If President Mubarak's support was representative of the population, you would have expected tens of thousands to come out in full force over the last week. But the ruling party hasn't been able to mobilise people. It isn't a lack of resources: it's simply that there are very few who would go out on a limb to defend them.
The regime's base is extremely shallow in comparison to the opposition, which represents an overwhelming majority of the population. The regime has alienated most of the rising social and political classes: centrists and democrats, leftists, nationalists, independent Islamists, and the Muslim Brotherhood. They're left with about 10 per cent of the country, the uppermost echelon of the population.
It's a strategic alliance between the business class and the ruling elite, with the support of the state security apparatus, which numbers about a million people. Mubarak's allies hold the top cabinet positions, and his new Vice-President is a very close supporter. But outside that structure there is really no support at all.
There is one other ingredient in his support base that is less secure, and will probably prove the deciding factor: the military. There is no doubt that there are those in the top brass who believe in his politics, who believe in the status quo and stability. And as an institution, the army is calling the shots.
It, too, has people in the very highest echelons of the government; and Mubarak has a strong connection to the military thanks to his former position as chief of the air force, and over the past two decades he has co-opted scores of the senior officers who have a vast interest in the continuation of the regime. He has appealed to that loyalty in recent days, and the army still wants to find a face-saving formula. That is why they will not do as the Tunisian army did and abruptly force him out. This is an institution with a powerful memory.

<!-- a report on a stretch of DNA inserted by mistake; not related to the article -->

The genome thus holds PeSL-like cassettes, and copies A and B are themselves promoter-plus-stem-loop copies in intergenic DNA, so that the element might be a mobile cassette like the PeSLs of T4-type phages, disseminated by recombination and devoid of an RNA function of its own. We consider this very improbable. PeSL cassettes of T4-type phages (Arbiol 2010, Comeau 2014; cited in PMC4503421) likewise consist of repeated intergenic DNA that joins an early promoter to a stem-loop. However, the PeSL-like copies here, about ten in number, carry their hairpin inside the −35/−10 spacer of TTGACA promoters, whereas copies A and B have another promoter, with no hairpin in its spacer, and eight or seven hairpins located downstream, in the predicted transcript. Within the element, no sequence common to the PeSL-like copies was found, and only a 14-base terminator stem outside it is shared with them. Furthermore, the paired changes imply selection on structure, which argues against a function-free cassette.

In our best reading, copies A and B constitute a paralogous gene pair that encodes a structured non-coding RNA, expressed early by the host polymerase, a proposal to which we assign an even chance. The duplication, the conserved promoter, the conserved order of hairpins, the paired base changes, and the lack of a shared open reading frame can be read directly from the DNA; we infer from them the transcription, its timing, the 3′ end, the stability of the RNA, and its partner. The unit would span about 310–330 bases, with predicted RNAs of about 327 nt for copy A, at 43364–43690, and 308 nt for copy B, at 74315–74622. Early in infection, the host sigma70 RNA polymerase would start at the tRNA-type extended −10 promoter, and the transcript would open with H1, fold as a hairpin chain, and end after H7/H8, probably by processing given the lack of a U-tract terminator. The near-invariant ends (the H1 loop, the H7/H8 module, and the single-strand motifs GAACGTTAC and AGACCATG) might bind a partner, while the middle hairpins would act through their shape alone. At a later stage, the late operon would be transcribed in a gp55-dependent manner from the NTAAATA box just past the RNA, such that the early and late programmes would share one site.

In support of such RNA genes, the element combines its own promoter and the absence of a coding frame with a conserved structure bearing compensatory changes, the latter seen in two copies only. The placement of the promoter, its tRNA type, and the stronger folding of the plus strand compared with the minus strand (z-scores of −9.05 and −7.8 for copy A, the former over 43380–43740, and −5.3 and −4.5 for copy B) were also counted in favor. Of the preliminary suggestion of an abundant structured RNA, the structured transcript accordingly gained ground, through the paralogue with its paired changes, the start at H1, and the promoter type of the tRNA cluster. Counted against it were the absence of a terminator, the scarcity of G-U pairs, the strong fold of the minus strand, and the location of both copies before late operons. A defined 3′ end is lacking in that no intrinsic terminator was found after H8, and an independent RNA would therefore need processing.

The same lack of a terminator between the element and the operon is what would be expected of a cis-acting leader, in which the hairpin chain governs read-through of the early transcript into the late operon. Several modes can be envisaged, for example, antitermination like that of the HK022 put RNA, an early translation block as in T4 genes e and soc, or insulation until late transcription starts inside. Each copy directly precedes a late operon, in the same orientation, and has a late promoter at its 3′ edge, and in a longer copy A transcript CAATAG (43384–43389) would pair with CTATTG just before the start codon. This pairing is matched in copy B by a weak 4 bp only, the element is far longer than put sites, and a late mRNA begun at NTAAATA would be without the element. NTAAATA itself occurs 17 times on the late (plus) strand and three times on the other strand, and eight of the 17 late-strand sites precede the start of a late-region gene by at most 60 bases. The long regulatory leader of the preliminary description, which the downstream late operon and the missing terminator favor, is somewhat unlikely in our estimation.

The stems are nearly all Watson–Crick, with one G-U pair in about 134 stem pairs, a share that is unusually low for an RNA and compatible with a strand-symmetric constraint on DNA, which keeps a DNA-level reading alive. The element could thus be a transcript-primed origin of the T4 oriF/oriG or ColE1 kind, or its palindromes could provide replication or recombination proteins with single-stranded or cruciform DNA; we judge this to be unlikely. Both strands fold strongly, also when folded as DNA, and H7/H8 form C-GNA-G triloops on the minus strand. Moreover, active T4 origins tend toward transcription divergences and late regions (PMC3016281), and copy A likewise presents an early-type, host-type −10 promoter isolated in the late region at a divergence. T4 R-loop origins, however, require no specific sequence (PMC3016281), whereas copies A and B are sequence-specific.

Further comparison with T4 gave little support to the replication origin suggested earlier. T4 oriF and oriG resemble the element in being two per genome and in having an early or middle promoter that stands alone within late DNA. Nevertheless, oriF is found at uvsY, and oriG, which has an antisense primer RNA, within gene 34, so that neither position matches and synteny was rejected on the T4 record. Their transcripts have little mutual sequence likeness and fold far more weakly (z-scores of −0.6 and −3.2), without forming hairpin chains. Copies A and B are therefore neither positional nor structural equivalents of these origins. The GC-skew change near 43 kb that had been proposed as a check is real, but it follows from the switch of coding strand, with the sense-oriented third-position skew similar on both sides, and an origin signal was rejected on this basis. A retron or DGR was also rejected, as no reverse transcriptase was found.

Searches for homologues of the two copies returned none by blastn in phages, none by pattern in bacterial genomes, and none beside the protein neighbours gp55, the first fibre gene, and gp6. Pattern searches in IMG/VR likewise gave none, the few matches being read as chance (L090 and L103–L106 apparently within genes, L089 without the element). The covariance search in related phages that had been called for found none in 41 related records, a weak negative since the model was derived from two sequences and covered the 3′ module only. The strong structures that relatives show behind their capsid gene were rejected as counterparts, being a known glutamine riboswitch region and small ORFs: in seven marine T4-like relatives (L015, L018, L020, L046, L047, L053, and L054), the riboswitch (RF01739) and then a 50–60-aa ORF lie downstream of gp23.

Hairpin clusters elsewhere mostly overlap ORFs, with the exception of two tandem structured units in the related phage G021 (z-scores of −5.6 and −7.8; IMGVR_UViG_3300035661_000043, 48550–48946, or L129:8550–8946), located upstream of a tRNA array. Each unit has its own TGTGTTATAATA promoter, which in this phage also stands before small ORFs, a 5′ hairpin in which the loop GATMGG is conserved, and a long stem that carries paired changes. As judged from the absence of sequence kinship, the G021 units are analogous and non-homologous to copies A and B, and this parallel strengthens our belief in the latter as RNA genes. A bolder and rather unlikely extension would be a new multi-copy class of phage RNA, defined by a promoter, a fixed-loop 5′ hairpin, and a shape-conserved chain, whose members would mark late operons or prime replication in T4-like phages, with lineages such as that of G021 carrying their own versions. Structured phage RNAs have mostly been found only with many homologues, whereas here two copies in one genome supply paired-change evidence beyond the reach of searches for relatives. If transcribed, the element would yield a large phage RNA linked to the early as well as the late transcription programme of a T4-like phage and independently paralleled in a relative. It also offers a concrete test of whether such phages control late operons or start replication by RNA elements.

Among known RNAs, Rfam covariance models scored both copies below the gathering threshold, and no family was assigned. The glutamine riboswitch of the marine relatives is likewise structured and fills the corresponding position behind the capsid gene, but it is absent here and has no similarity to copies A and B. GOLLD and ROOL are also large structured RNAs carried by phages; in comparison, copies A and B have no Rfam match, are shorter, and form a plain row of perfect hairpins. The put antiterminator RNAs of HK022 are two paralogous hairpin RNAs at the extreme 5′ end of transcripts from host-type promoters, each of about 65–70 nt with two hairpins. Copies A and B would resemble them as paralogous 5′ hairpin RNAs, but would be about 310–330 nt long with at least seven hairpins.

Nonetheless, the situation is very far from secure for Mubarak. The army knows that the writing is on the wall: they are trying to assert control and find a formula for an honourable exit. But the moment they realise that the disadvantages of the status quo outweigh the advantages, they will say: you must give up power now.
The army finds itself under tremendous pressure, between the rock of its institutional instincts and interests and the hard place of public and international opinion, in particular now that even the Americans have come to the conclusion that Mubarak is a liability.
In the senior ranks, they are asking: how much damage have we incurred? Should we play for time, or assert control? Equally, they know that junior officers and conscripts are not on the same page, being much closer in outlook – ideologically, socially, economically – to the people on the streets. The top brass are well aware that even if they decided to go all the way in support of Mubarak, they might not be able to get their juniors to follow orders.
That is the position as we reach today, the moment of truth. If huge crowds come out and try to march to the presidential palace, the army will be forced to make its decision. The balance of power seems to be in favour of the opposition. Today we will find out how far the army is willing to go to redress that.
The author is director of the LSE's Middle East CentreReuse content